Extremely dark and bitchy.
256 pages, ★★
The Night Guest is the story of a 75-year-old widow who has a government carer arrive unexpectedly to take full-time care of her. The widow sadly declines into dementia throughout the novel and becomes increasingly dependent on her carer. However, not everything is as it seems. As you progress through this book, you’ll find yourself asking yourself what’s real and what’s not: is Freda (the carer) really a government worker? Does Ruth (the widow) really have dementia? Is Freda taking advantage of Ruth?
The ending, which I won’t reveal here, is darker than anyone but the author could have imagined. Not only is it dark, but its characters are bitchy and unpleasant and I didn’t learn anything positive from this book. I didn’t even enjoy it. Some reviewers have commended the author for creating these nasty characters and the book’s unpredictable plot in a debut novel, but personally, I think the author’s crossed a line of “negativity” and this book doesn’t deserve any credit.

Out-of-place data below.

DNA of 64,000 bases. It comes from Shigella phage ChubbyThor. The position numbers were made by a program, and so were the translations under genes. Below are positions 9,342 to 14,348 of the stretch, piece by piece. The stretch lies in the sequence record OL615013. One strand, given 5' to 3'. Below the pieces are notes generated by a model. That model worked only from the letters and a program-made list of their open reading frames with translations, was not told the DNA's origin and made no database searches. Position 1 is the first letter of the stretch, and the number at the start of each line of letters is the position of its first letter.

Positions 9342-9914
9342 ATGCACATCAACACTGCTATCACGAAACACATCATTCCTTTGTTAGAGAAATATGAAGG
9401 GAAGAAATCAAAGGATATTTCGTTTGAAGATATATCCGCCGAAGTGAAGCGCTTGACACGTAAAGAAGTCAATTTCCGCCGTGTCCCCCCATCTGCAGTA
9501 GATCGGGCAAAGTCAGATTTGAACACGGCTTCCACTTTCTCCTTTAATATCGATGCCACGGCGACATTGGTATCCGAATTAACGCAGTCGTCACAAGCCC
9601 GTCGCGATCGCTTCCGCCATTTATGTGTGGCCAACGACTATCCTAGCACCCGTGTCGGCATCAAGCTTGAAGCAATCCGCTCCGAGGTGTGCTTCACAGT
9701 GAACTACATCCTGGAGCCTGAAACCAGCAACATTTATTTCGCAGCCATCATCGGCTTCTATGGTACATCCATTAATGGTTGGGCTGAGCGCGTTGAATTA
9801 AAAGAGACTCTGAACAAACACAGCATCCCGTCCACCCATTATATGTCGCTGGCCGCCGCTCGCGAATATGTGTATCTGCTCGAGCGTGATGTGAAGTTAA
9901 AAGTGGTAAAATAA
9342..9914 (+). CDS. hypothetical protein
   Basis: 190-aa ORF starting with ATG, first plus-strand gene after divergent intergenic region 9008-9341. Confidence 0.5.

There are no men in this book (not in major roles, anyway), which instantly throws its character cast off balance. What bothers me more is that nothing positive happens in this book from start to finish. The Night Guest is a gloomy, uninspiring novel with a small number of silently vindictive female characters and absolutely no point to it. I learned nothing, I didn’t enjoy it, and I would have stopped reading after 80 pages if I weren’t obliged to review it.
The “suspense” that some newspaper reviews have written about is actually just “boredom”. The “darkness” is actually “bitchiness” and the “horror” is more sickening than frightening. The relationships between all the characters are covertly abusive and become more so as you read on. This novel has no likeable characters.
So who might enjoy this book? People who enjoy horror movies, possibly? Fortunately, I’m not one of those people, so I can only give it two stars. ★★
- The Night Guest (m.ew.com)